The World Bank has given a KSh4.5 billion loan to Kenya to help in the fight against the desert locusts that have infested East Africa.
The loan will be fully repaid in 30-years and it has a five-year grace period. Similar loans will be disbursed to Uganda, Ethiopia, and Djibouti. The four countries will use the money for surveillance and buying pesticides.
The funds have come as the World Bank Country Director for Kenya, Felipe Jaramillo, warns that without necessary action, the locust invasion could lead to a deterioration in food security by the end of 2020 and a possible rise in food prices.
Agriculture Cabinet Secretary, Peter Munya, says they have almost eliminated the pests and at the moment are battling them in only five counties, after managing to control the rest of the regions which suffered the locust invasion.
The AfDB (The African Development Bank) already approved a $1.5 million (KSh160.5 Mn) emergency relief grant to the Intergovernmental Authority on Development (IGAD) towards fighting off the locusts’ invasion in Djibouti, Eritrea, Ethiopia, Kenya, Somalia, South Sudan, Sudan, Uganda, and Tanzania.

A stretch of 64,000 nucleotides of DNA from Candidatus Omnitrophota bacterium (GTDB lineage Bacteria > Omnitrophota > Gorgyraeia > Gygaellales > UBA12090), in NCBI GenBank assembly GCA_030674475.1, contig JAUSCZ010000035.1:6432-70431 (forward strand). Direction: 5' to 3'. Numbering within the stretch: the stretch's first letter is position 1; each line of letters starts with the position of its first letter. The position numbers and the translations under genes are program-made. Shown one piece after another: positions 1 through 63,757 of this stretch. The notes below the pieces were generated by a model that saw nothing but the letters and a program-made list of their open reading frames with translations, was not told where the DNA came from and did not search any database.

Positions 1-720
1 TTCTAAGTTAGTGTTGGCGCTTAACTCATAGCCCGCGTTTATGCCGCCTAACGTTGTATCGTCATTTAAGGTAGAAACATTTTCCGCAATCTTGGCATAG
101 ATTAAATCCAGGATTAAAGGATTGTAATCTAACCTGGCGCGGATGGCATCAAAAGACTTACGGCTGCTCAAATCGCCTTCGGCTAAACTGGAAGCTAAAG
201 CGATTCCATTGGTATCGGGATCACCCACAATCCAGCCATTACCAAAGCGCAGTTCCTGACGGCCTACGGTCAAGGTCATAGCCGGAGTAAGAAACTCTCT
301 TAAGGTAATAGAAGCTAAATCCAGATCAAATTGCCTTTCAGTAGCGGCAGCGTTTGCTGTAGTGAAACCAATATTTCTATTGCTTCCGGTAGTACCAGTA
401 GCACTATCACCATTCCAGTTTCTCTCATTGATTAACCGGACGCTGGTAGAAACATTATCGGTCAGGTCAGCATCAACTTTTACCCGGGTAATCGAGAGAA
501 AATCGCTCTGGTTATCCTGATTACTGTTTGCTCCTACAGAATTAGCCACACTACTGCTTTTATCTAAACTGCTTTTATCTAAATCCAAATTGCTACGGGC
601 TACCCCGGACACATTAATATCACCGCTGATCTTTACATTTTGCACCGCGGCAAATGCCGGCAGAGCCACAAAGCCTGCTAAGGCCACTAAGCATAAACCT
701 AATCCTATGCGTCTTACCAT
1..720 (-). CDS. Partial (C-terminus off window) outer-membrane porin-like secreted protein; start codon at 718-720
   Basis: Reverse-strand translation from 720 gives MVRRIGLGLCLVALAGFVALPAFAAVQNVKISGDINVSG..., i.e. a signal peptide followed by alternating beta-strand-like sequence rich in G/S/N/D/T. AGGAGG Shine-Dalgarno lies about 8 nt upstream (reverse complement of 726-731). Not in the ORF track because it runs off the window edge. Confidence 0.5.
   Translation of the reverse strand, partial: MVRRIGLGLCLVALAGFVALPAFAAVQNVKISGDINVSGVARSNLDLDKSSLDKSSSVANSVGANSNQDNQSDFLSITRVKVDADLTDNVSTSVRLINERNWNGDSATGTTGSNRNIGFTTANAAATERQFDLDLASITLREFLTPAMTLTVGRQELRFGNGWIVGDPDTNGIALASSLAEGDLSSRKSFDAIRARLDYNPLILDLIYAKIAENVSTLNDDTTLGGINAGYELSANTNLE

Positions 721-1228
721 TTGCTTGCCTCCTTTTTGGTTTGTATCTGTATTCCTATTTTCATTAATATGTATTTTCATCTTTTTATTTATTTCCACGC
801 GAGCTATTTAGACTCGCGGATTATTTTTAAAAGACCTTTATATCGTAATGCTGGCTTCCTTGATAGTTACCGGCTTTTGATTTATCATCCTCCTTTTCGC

The government of Japan also contributed a $7.5 million (KSh802.5 Mn) package to the United Nations World Food Programme (WFP), towards fighting the locusts outbreak in Kenya, Somalia, and Djibouti.
The IGAD warns that the infestation poses an unprecedented risk to livelihoods and food security in an already fragile region and has caused massive damage to agricultural production.
According to recent FAO reports, more than 80% of 1,700 agro-pastoral farms located in 23 production zones in Djibouti have been affected by desert locust infestations. In Kenya, at least 18 of 47 counties have been affected, with more than 70,000 hectares of crops under infestation.
The desert locust is considered the most dangerous migratory pest in the world. The current upsurge, which started in 2019, is the worst in 25 years in Ethiopia and Somalia, and the worst in 70 years in Kenya.